They asked if I needed help. “No thanks I can do this by myself.” “But we can still get a man to help you.” “No thanks! I told you, I can do this by myself.” A few minutes later several men arrived who appeared to be in a contest jostling with each other in an attempt to be the one in the front. Some men even attempted to take the tube out of my hands. I said, “No, please! I can do this alone.” In times like these, you need to have nerves of steel because everyone begins to touch everything. Of course they all mean well. I know that, but it would be much more helpful if they would just accept the fact that a woman is able to handle things by herself.
But the culture in Iran is simply imprinted with the belief that a woman is dependent upon her husband.
It also would be much easier for me, if Iranians also understood that “no” means “no”. There’s no question that their concerns were honorable, but at times that was nearly overwhelming.
Luckily, the police showed up shortly thereafter and were able to disperse most of the crowd. But the women would not give up. “Where will you stay tonight?” they asked. “I don’t know yet,” I said. They offered to find a hotel for me and said that someone would come soon to take me there. “All you have to do is wait in the mosque. The police can look after the bicycle for you.” At that, I said “No, I want to wait here with my bicycle.” The women replied “But it’s much better to wait in the mosque. It’s warm …..”
A short time later, I simply got on my bike and rode away because it was just getting to be too much for me.
I met an Iranian woman who lived in America for several decades; her two children were also born there. All three have American citizenship. She told me her tragic story which immediately reminded me again of the movie “Not Without My Daughter.”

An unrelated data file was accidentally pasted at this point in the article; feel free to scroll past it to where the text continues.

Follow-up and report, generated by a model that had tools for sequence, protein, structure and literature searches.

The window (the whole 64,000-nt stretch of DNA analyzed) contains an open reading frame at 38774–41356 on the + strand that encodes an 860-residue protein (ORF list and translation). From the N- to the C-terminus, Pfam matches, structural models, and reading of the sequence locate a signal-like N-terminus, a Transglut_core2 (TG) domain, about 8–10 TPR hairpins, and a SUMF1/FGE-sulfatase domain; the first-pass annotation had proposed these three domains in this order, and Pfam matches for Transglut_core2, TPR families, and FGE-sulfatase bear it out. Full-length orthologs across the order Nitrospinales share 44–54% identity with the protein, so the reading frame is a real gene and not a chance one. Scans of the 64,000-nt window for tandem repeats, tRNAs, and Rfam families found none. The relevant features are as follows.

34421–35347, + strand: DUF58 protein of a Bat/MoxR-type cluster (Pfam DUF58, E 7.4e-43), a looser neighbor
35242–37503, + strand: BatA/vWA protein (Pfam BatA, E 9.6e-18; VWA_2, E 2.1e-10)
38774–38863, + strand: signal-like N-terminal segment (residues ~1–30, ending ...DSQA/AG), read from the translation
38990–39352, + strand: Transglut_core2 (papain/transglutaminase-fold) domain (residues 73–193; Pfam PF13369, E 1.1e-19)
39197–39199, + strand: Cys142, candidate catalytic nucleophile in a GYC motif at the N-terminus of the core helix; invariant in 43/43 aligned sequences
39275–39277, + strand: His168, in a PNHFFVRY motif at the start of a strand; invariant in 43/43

After many years in America, her Iranian husband wanted to visit his family, so they flew to Iran together. They were barely in the country when her husband hid all three of their passports. Ever since, the woman has been trapped in the country. She alone is allowed to leave, but the children are the property of the father, and they are only allowed to leave the country with the father’s permission.
She said “life here in Qom is pure hell.” The telephones are bugged and cameras are everywhere, so the officials can see every step you take. Everything revolves around their religion and her husband is so fanatical that he does not allow her and their children any freedom at all. On top of that, they can’t truly integrate in society because they were accustomed to a completely different lifestyle in the United States. She is attempting somehow to get help and would like to leave the country as soon as possible with the children, but they just do not know how.
I had heard of a similar fate in December. A 30-year-old German, whose Iranian father had gone back to Iran after divorcing his German wife, invited his son (who, at the time, was 25) to visit him. Shortly after he arrived in Iran, his father took his German passport away from him and obtained an Iranian passport for him.
Even though he is actually a German citizen, he has been stuck in Iran for 5 years and cannot prove his citizenship. His German mother has already gone through several lawyers in Germany trying everything possible to bring him back. Numerous times, he went to the German embassy in Tehran, but no one can help him. He is afraid to attempt to escape because if he is rejected at the Turkish / Greek border, he would have to return and the people would make his life miserable for him.
I stayed a few days in his home. He told me I should be careful that no one sees me; otherwise the people would make him leave his apartment because a visit from women, not beeing related to him, is strictly prohibited.
From Qom I continued northeast….more about it next time.